Parking at the Park

Here is another one from the Writing About Place archives. I’ve removed a few commas from the original. I don’t know what I was thinking with all those commas. Written in December 2012, this is the only time I ever attempted to write satire. I’m afraid it isn’t nearly as clever or as funny as I would have liked it to be, but here it is.

Parking at the Park

Today, I want to bring your attention to the atrocious problem we have here in the city of Minneapolis in regards to parking at the parks. It seems no matter how hard we try, it is still far too easy for people to park at our lovely city parks. There are several reasons why we need to make parking at the parks more difficult.

The first reason, overuse, is a major one. Every time I visited a park this past summer, there were always lots of people there. There does, of course, need to be accommodation for some people in the parks, but at the rate we’re going, people will have used up all the parks and there won’t be anything left for our grandchildren. The other, and probably more important, reason is that every time I try and park at a park, I end up driving around for hours looking for a parking place. Imagine all those cars driving around for hours looking for parking spots. Burning all that gasoline is bad for the environment, and ever since I was made aware of the dangers of global warming, I have been trying to live a greener life and encouraging others to do so as well.

It’s true, that the parks department has made some headway into the issue of parking. I remember when I was just a lad and we would go to the Point Beach on Cedar Lake. It was easy to park. We just drove our full size, gas-guzzling, Ford LTD across town, pulled into the parking lot, and parked. No fuss, no muss, it was way too easy. Now, the lot is split into two areas. Half of the lot has parking meters that you can pay so that you can park your car by the half-hour, hour, or two-hour maximum. This is especially effective for those who tend to accidentally lose track of time at the beach. There’s nothing like an expiring parking meter to remind one of one’s priorities. The other half of the lot is reserved for patron parking. Some of you may ask, what exactly is patron parking? Well, let me tell you all about it.

According to the Minneapolis Park and Recreation Board website, “The Annual Patron Parking Permit offers 12 months of easy parking at regional parks in Minneapolis. Permit holders enjoy parking privileges in specially designated parking spaces at some of the park system’s most popular regional parks including Minnehaha Park, Lake Harriet, and the garden areas at Theodore Wirth Park.” Now I know what you’re thinking. That sounds too easy. They even say the permit offers easy parking. But this is why it was such a brilliant move. They said it was easy, but when they started the program, it confused almost everybody. Most park-goers either didn’t see the patron parking signs, or just ignored them.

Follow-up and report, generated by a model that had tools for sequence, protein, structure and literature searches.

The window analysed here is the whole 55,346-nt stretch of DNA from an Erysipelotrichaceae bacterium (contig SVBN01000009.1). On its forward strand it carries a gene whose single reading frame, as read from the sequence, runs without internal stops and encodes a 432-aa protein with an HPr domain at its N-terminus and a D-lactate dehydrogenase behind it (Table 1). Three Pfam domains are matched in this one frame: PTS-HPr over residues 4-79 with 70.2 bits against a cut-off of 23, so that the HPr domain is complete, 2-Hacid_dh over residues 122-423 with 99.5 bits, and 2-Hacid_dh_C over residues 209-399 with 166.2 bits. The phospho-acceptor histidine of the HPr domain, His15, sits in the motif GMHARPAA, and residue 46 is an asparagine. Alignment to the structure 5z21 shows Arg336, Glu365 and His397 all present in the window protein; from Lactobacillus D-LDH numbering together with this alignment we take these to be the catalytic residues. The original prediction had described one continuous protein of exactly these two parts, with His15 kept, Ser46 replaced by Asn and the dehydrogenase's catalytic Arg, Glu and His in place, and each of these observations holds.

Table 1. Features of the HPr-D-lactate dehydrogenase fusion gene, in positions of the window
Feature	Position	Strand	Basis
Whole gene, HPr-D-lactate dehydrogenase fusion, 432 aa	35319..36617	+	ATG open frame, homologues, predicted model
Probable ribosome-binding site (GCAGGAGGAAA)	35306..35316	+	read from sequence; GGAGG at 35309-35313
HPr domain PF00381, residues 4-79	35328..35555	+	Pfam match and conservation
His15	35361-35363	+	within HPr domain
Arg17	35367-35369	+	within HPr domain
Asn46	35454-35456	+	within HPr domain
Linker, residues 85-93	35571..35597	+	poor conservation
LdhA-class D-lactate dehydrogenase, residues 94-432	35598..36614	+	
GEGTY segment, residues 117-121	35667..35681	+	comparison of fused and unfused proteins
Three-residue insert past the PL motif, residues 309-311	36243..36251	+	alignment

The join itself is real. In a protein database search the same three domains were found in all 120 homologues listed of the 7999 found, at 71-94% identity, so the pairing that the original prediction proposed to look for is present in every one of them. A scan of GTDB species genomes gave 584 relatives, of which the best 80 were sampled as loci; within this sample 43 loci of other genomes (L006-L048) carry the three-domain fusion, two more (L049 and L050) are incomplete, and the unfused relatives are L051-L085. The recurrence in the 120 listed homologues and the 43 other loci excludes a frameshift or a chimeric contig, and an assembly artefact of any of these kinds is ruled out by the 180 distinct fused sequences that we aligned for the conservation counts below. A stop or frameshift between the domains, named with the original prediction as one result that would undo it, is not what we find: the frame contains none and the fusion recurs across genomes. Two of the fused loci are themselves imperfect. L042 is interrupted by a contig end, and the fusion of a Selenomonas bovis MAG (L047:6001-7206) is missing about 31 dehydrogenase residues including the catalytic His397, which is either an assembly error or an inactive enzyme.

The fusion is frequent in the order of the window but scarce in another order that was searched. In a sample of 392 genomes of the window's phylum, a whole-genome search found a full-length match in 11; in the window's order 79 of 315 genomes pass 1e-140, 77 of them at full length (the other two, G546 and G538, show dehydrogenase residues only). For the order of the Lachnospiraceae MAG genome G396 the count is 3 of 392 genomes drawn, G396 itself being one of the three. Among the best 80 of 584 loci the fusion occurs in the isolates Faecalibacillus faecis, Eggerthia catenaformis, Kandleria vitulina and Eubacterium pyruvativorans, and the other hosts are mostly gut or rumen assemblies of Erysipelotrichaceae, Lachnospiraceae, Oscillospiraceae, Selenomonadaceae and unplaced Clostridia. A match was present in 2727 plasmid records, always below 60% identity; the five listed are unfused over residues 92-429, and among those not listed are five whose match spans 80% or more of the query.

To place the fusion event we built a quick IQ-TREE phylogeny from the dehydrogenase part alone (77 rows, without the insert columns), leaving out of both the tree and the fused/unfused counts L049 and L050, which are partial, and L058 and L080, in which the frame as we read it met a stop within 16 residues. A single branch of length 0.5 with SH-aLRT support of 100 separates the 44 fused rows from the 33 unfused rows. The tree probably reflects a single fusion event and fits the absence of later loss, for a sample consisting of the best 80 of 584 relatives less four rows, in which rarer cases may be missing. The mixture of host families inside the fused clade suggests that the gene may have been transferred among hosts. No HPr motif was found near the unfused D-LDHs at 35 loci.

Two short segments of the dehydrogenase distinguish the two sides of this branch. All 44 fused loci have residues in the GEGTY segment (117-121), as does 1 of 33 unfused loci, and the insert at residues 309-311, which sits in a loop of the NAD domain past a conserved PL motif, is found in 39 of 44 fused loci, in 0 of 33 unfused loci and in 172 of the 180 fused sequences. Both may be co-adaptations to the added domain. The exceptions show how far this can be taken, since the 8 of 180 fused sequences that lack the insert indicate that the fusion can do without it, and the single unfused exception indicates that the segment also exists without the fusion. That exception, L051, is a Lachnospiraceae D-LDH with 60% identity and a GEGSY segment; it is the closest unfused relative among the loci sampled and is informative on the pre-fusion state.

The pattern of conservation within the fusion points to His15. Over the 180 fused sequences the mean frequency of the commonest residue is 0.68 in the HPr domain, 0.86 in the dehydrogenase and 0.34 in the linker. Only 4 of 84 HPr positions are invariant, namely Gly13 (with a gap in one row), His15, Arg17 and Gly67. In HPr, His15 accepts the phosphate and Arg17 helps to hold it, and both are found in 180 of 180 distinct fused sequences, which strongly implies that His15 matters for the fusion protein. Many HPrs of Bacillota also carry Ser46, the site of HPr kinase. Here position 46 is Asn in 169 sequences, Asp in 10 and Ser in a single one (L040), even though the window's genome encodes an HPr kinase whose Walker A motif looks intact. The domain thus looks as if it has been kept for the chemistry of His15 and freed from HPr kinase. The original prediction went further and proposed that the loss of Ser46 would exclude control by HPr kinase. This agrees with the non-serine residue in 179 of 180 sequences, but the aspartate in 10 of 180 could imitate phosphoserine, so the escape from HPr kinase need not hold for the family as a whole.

I remember one visit to the aforementioned Cedar Point Beach in which I had the auspicious good fortune to meet a woman who had just been ticketed for parking in a patron spot. She hadn’t seen the large blue sign posted at the lot’s entrance. Serves her right I say. Can’t be bothered to learn all of the obscure parking rules related to the city parks, she deserved a $40 ticket. The main problem with the patron parking is that people have gotten too used to it. I think it is past time to change up the rules in order to make the parking system unfathomable once again. One thing we can do, is limit the ways in which park-goers can purchase patron parking passes. Right now it’s far to easy to acquire one, as they are available online, and at six different park offices. There should be just one centralized location. This would cut down on park overhead costs as well.

Another major problem with the park’s parking system is that there is still far too much free parking. Not only are there free parking spaces along the many wide areas of the city’s parkways, but the parking at all park Recreation Centers is free. While it is true that the neighborhood Recreation Centers do not have the same overuse problems that many of the city parks do, people do park in the Recreation Center parking lots, and then go on to use the associated city park.

I have even met people who will park on the city streets near a park in order to use the park’s facilities without paying for parking; can you imagine? I think it is obvious that all of this free parking can only be bad for our park system. We should put an end to this ease of parking immediately by expanding the use of parking meters, changing the city’s rules regarding the availability of parking on the city streets near parks, and extending the range of park patron permit parking. Thank you all for reading, and please join me next week, when I will be discussing the role of lifeguards in our city parks. They cost more to employ than the grass mowers and the park trash collectors combined. Do lifeguards really save lives, and if so, are those lives really worth saving?

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